Ohhhh the Young Jedi Knight series. These were the first Star Wars books I ever read except for the Jedi Prince books and I still enjoy them over a decade later. While they are clearly written for a younger audience and get cheesy sometimes, they’re still fun reads. I try to thank Kevin J. Anderson and Rebecca Moesta every time I see them at Dragon*Con for writing these books and these characters because I love them just that much. I am also 100% okay with admitting that I wanted to be best friends with Jaina Solo and Tenel Ka as a kid and I still do. You’ve been warned: these posts will be a fair bit gushing accompanied by some good natured teasing.
Heirs of the Force
First things first: Tenel Ka gets the best character entrance ever. “Oh don’t mind me. I’m just going to CLIMB UP THE BACK OF THIS TEMPLE AND POP INTO THE MORNING LESSON. LIKE A BAMF.” I love her so much.
Oh! And I also love that the authors turn a trope on its head at the start of the book because Han brings flowers for Jacen (or rather his pet) and a hyperdrive for Jaina. The Solos are going to be who they want to be. Even if it does mean that Jacen has pet snakes. Continue reading →
The two books for today’s post probably could not have been more different if they’d tried. On the one hand, we have the Luke/Mara go on an adventure in Chiss space book and on the other hand, we have a book about a Jedi trying to take down a Hutt spice ring. The good news is that they were both fun reads. The bad news is that I don’t get to be snarky in this post. Alas.
I must admit that I wasn’t expecting much from Scourge mostly because I hadn’t heard any buzz about it. All I knew is that it involved Hutts. I was, however, very pleasantly surprised and that is always a good thing.
Overall, Scourge was a solid book. Personally, I always enjoy getting to see other aspects of the Star Wars universe besides the galaxy shaking problem of the week and the Solo/Skywalker clan regardless of how much I love them. It’s nice to see a new member of Luke’s Jedi Order especially one who doesn’t fall into the stereotypical Jedi mold. Mander Zuma is an archivist who is only a warrior when he absolutely has to be. He can also be a very surprising person who doesn’t fit neatly into the a box. Plus, he gets to go through a nice arc of character growth as the story progresses. Reen Irana and Eddey Be’ray are the other two people helping investigate the death of Toro Irana, a Jedi Knight, and they both prove to be interesting characters in their own rights as is Angela Krin. Heck, even the Hutts are all very distinctive characters who don’t all fall into the Jabba category. In all honesty, I wouldn’t mind reading more about these characters. I don’t love them yet but they are certainly intriguing. Continue reading →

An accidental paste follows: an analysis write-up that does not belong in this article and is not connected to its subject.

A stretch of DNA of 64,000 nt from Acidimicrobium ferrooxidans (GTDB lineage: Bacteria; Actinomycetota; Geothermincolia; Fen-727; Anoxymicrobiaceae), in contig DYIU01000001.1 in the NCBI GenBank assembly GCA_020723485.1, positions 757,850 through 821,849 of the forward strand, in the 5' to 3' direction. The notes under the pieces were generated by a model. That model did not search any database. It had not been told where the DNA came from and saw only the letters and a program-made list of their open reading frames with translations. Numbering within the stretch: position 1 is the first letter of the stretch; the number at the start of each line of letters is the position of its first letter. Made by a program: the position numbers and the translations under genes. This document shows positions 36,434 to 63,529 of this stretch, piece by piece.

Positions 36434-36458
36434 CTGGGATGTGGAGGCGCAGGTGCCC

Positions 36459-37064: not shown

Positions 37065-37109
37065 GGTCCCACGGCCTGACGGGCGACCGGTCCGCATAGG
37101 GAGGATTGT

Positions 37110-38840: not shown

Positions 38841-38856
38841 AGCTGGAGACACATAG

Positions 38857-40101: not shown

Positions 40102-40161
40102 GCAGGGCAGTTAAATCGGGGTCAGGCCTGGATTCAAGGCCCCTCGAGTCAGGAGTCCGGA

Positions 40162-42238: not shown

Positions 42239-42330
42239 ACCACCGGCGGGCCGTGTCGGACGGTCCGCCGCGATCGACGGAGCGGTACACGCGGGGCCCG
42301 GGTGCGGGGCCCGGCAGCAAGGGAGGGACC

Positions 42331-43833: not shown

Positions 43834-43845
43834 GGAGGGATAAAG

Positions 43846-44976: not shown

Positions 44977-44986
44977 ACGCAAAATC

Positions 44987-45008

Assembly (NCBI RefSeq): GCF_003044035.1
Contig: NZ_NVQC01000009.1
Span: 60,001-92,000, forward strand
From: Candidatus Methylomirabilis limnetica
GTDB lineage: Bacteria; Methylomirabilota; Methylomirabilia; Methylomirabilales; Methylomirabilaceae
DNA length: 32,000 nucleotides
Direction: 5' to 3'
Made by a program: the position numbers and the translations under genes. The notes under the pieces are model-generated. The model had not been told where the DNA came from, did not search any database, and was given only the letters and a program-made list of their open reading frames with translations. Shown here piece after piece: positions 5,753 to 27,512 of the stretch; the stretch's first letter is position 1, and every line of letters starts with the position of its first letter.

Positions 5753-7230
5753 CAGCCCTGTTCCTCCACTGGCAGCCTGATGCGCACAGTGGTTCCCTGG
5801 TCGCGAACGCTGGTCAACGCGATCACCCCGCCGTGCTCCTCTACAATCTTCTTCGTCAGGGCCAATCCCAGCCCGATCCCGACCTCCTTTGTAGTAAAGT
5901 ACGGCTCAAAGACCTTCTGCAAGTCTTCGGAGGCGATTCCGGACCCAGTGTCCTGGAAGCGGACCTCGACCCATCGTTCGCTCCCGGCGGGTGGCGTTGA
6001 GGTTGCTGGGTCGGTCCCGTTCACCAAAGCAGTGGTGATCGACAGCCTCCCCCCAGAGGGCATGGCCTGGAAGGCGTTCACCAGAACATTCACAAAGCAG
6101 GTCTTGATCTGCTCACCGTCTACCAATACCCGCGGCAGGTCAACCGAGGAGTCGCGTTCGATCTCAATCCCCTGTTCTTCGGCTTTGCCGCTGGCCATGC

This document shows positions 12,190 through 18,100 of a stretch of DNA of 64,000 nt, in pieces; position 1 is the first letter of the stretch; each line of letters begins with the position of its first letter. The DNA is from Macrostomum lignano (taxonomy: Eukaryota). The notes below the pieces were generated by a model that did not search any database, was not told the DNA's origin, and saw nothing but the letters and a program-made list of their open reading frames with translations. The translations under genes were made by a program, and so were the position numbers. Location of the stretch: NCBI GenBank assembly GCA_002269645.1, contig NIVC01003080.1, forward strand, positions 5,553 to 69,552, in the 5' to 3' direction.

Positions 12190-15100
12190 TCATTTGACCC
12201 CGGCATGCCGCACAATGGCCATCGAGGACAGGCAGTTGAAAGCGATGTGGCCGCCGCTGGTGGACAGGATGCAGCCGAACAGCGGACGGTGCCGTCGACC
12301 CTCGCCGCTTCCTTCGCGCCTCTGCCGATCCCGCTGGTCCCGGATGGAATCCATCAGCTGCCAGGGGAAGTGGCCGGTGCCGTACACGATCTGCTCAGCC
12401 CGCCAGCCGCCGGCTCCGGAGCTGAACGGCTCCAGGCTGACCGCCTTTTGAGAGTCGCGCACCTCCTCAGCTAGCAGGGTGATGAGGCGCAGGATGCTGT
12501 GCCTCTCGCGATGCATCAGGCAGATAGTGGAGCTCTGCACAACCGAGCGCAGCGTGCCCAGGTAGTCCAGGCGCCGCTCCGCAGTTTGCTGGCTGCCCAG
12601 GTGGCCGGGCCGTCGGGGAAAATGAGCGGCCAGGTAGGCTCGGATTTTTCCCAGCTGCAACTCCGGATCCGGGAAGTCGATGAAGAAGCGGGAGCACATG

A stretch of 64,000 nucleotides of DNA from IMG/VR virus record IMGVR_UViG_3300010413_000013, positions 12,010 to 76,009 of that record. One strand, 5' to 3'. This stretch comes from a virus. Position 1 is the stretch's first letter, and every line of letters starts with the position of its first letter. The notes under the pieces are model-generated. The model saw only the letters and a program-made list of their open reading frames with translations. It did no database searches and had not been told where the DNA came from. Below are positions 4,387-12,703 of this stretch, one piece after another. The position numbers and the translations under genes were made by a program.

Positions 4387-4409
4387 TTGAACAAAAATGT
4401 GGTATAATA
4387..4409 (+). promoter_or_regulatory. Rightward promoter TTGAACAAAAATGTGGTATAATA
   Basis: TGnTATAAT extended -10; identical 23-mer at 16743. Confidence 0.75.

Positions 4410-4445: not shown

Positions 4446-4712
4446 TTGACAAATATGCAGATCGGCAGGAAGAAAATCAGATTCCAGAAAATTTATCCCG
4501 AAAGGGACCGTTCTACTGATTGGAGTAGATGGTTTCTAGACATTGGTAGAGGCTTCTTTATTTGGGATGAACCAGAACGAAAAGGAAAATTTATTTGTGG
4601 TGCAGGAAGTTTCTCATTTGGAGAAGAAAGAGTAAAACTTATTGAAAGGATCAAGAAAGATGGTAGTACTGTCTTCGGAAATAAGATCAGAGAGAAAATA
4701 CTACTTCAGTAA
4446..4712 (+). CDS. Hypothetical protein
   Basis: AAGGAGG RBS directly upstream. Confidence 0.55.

Thrawn Returns! Except not really. But Zahn is back and that is always a good thing. Both the Bantam Era and the Empire are about to draw to a close so sit back and enjoy a lovely end to this chapter of the Star Wars story.
Specter of the Past Zahn gets the team back together again. Okay, maybe it takes until the end of the book for that to really happen but from the start, we get to see all of our (or at least my) old favorites. Obviously, we get to see our heroes from the films but then Zahn gives us Karrde and Mara and Wedge and the Rogues! It thrills me so much to see Tycho get some page time outside of the X-Wing books. (Editor’s Note: Tycho 4 President 2016)
On top of that, we really get to meet Shada D’ukal for the first time. While this isn’t her first appearance in the books, it’s the first time we get a chance to get to know her and see her take the spotlight. She is honestly one of my favorite minor characters and her decision to leave the Mistryl in this book is definitely a big part of that. It’s a struggle between honesty and loyalty and those are always interesting to read. Continue reading →
If you were to ask me what I remembered about the Corellian Trilogy before I started this read through, I could’ve told you three things: Thracken Sal-Solo is a slimy git, Centerpoint Station is bad, and the Solo children should not try to build droids. In other words, I went into these books with a relatively clean slate which was actually a rather nice change. Even better? It turns out that I do rather enjoy reading these books. And also that I’d really like to steal Roger Macbride Allen’s career and be a Foreign Service Officer AND a Star Wars author.
Ambush at Corellia If nothing else, you have to appreciate how self-aware and very Star Wars this book is in the very first chapter. Han and Chewie are working on the Falcon and its plethora of mechanical issues and oh did anyone mention that the Solo children are a bunch of little troublemakers and have a reputation for it throughout the galaxy?
Also, because I am an Alderaan diehard, I will point out my objection to Leia saying that she was only the Organa’s foster daughter because I am 99% sure that she was adopted and raised completely as Bail and Breha’s own. (Editor’s Note: 100000% sure.) If anyone is going to be referred to as the Organa’s foster daughter, it’s probably Winter. Continue reading →
It was pure chance that put the best book in the Expanded Universe and the worst one next to each other in the Waru Express reading list. It was also a blessing because after rereading The Crystal Star? I don’t think I could’ve kept going on this project without Starfighters of Adumar being there to hug me and tell me that everything’s going to be okay. So with no further ado, let’s talk about the Best and the Worst that the Expanded Universe has to offer.
The Crystal Star
This book has the distinction of being so awful that I had managed to block everything about it from my memory (except the existence of Waru) until the other night. For those of you who joined me on my livestream, you got to witness my descent into madness. I believe Brian noted that the Waru Express finally broke me around 9:16 EST. There was drinking, there was cursing, there was defeated sobbing. There was also the world’s worst Han Solo impression and some singing and some off-color jokes. And then more cursing and more drinking and more pleas to be released from my agreement to read the book. But most importantly, there was Waru. He loves you. (Editor’s Note: This was a terrible idea and I regret everything. The hangover was terrible)Continue reading →